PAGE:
Partners of gay members of Congress face unequal treatment, too

It’s not easy being the significant other of a member of Congress as the partner of Jared Polis recently found out. Kerry Eleveld broke the story:

When the partner of freshman Colorado congressman Jared Polis went to get his Congressional Spouse ID last February at Member Services, he thought the new administration had dawned a new day for same-sex partners of Congress members.

“They just snapped my picture and wrote ‘spouse’ on it,” recalled Marlon Reis, who celebrated his sixth anniversary with Polis in September, though the couple is not legally married. “It took all of five minutes — it was so easy that it gave me the impression of a semipermanent policy change.”

But the 28-year-old’s attempt to join Polis in June on a congressional delegation (known as a “CODEL” in Hill-speak) was a different story entirely.

We all thought a new day had dawned. But, it’s been a much different story. Reis was supposed to be on that June trip. But, the Department of Defense wouldn’t include him — and wanted to charge him. That wasn’t the case for spouses of other members. There was a bit of a scene when Reis showed up to get on the bus. Another member had to intervene on his behalf.

There seems to be a bit of a blame game pinging back and forth between the Speaker’s Office and the Pentagon:

According to a spokesman for the speaker’s office, Nancy Pelosi has had an ongoing dialogue about the issue with DOD ever she first became House speaker in 2007.

“She made a request of the Defense Department to treat any spouse of a lesbian or gay member of Congress the same as any congressional spouse. That means a domestic partner would be treated just as a congressional spouse,” said Drew Hammill. “That in effect, has been our understanding and what we’ve been told will take place.”

A Department of Defense official said congressional spouses are authorized to travel with a member for protocol purposes when stated in the committee or leadership authorization letter to the secretary of Defense. Who is in included in that authorization letter is up to the speaker’s office, according to the DOD.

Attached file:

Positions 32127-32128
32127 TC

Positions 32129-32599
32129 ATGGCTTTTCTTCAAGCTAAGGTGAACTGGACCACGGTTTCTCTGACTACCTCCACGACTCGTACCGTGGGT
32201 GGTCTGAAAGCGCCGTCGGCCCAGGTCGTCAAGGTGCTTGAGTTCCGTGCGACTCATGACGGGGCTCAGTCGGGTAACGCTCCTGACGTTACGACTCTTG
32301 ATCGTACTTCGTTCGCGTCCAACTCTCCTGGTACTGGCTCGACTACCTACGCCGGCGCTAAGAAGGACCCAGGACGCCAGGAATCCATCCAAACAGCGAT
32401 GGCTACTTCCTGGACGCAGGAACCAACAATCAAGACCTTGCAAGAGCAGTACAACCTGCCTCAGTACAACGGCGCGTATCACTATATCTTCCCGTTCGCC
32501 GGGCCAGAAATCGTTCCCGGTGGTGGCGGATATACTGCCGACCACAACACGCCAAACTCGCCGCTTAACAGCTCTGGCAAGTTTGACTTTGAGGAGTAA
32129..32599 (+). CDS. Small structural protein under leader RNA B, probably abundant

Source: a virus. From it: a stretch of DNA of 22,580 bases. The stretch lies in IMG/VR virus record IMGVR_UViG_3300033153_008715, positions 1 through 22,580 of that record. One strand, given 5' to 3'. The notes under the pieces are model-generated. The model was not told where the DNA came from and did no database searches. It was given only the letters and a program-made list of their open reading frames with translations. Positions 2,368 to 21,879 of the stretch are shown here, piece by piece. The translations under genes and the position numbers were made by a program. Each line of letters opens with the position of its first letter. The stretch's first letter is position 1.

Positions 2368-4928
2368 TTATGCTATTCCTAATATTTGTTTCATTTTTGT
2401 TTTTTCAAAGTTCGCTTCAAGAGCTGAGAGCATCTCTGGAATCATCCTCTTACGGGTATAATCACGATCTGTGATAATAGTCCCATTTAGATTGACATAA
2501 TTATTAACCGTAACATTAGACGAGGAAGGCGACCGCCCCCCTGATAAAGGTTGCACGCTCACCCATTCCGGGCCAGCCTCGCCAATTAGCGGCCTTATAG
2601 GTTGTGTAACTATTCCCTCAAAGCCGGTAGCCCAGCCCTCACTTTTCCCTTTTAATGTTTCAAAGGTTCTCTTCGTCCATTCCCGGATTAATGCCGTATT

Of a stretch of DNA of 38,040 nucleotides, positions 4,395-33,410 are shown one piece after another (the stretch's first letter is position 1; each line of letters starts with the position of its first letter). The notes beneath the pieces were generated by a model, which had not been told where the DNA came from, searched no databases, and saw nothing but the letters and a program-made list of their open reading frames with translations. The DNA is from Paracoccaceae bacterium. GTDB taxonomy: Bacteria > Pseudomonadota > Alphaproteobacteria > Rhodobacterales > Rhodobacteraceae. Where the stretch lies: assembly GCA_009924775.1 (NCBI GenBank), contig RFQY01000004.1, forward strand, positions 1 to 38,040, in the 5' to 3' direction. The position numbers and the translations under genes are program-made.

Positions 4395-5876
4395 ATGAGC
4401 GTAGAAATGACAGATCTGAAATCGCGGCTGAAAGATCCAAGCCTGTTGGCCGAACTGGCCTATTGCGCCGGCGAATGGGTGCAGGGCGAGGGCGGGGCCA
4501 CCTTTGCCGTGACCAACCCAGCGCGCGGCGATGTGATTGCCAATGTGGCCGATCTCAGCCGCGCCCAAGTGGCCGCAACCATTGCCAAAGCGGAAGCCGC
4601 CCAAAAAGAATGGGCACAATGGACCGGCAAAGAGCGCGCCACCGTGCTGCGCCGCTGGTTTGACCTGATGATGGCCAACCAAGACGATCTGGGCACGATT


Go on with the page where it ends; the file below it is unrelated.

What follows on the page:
As for Reis, he is holding on to his Congressional Spouse ID, which expires in February of 2011, a little more tightly. Not long ago, he misplaced it and Branton was told by Member Services that they had issued it in error and would have to replace it with a Designee ID, which is the classification reserved for unmarried partners of members of Congress.

Perhaps the people who run the Department of Defense could stop these games and insure that Pelosi’s policy is enacted. Would that be too much to ask?

Of course, repealing DOMA is the best solution — even for gay members of Congress and their spouses/partners.

On October 27, 2010, Joe was one of five bloggers who interviewed President Obama. Joe is a DC-based political consultant with over twenty-five years of experience at both the state and federal level. Joe has managed political operations and legislative efforts for both candidates and issues-based organizations. For seven years, he was the Director of State Legislation at Handgun Control, Inc. He served as that organization's first Political Director during the 2000 cycle. Joe is a graduate of the University of Maine School of Law. In addition, he has a Masters in Public Administration from Lehigh University and received his B.A. from the University of New Hampshire. Joe also has a fun dog, Petey, a worthy successor to Boomer, who got Joe through eight years of Bush and Cheney. Joe likes to think he is a world class athlete having finished the 2005 Chicago Marathon in the time of 4:10. He has completed six other marathons as well -- and is still determined to break the four hour mark.

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